A palette is a smooth, flat surface on which artists set out and mix their colours before painting, often designed to be held in the hand

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  • Jim Dine, 'Palette II' 1969

    Jim Dine
    Palette II 1969
    Screenprint on paper
    image: 711 x 511 mm
    Presented by Rose and Chris Prater through the Institute of Contemporary Prints 1975 Jim Dine

    View the main page for this artwork

  • Turner’s ‘Chelsea’ palette, used at the end of his life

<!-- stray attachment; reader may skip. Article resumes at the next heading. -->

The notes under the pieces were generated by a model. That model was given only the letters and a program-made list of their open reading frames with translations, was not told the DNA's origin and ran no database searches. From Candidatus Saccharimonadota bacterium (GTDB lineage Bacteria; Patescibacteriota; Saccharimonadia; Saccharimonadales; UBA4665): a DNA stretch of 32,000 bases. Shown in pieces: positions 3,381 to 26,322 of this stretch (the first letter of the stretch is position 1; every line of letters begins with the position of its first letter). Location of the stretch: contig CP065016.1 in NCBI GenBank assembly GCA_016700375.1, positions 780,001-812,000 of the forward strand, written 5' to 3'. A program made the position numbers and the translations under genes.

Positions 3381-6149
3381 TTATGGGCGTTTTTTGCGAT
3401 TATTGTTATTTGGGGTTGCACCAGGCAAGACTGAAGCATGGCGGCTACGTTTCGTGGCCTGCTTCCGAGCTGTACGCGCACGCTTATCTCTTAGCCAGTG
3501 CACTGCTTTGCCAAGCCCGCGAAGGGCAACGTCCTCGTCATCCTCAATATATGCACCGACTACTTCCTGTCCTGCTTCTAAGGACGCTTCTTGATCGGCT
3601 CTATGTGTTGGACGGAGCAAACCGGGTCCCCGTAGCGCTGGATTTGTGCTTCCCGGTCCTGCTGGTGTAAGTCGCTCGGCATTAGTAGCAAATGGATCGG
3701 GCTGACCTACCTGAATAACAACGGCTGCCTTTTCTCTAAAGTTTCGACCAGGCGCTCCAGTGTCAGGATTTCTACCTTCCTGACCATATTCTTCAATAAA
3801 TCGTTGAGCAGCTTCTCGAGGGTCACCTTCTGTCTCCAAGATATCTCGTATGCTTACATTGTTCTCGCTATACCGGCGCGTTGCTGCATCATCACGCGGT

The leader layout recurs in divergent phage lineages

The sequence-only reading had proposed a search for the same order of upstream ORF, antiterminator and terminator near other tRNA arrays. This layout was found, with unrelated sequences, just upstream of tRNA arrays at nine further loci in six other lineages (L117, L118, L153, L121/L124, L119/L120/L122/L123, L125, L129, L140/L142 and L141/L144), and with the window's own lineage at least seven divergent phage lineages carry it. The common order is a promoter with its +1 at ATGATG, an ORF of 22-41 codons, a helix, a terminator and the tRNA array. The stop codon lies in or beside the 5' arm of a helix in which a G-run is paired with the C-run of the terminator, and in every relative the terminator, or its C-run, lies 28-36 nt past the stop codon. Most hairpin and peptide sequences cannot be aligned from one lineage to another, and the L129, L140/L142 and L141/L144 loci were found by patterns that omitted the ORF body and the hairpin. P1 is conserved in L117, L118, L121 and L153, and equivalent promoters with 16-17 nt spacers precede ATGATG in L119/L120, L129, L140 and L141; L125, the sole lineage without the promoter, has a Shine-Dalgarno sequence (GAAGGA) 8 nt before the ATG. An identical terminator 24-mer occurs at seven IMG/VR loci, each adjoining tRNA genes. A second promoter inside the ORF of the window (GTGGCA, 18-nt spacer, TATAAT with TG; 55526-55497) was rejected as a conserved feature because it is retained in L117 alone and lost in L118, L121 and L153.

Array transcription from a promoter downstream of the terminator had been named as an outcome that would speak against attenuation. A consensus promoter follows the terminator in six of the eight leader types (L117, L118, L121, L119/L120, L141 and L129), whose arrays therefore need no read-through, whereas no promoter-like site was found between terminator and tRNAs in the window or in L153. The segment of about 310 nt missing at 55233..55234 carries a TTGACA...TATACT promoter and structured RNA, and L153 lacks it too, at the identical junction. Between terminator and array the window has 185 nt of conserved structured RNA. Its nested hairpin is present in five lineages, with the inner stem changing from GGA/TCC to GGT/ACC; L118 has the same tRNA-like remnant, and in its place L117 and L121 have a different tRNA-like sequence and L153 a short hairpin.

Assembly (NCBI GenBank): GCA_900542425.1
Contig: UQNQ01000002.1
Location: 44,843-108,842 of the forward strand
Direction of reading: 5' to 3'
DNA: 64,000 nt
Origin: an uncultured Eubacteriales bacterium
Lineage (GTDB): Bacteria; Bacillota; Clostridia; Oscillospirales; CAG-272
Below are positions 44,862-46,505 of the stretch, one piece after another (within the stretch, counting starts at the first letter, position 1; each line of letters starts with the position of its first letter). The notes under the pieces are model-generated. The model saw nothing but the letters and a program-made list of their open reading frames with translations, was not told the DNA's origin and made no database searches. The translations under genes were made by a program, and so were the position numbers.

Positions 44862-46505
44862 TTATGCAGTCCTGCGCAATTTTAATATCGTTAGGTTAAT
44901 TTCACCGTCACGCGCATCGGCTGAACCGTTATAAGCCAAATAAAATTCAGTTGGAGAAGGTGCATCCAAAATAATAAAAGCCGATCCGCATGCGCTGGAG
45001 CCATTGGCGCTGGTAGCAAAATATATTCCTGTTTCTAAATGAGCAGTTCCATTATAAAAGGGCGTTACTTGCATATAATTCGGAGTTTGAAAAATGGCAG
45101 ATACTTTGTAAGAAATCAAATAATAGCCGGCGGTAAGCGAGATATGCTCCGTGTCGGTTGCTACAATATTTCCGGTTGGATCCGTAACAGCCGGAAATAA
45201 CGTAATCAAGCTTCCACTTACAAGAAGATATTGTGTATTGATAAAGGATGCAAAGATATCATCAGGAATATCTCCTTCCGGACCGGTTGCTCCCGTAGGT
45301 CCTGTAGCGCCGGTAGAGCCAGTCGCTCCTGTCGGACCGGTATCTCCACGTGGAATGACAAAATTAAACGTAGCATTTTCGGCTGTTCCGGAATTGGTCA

Turner’s ‘Chelsea’ palette, used at the end of his life

    Tate Archive 7315.5

  • William Strang, 'Self-Portrait' 1919

    William Strang
    Self-Portrait 1919
    Oil on canvas
    support: 1168 x 1118 mm
    Presented by the Trustees of the Chantrey Bequest 1921

    View the main page for this artwork

The term also refers to the range of colours habitually used by and characteristic of an artist.

A palette in computer graphics is a chosen set of colours that are each assigned a number, and it is this number that determines the colour of the pixel.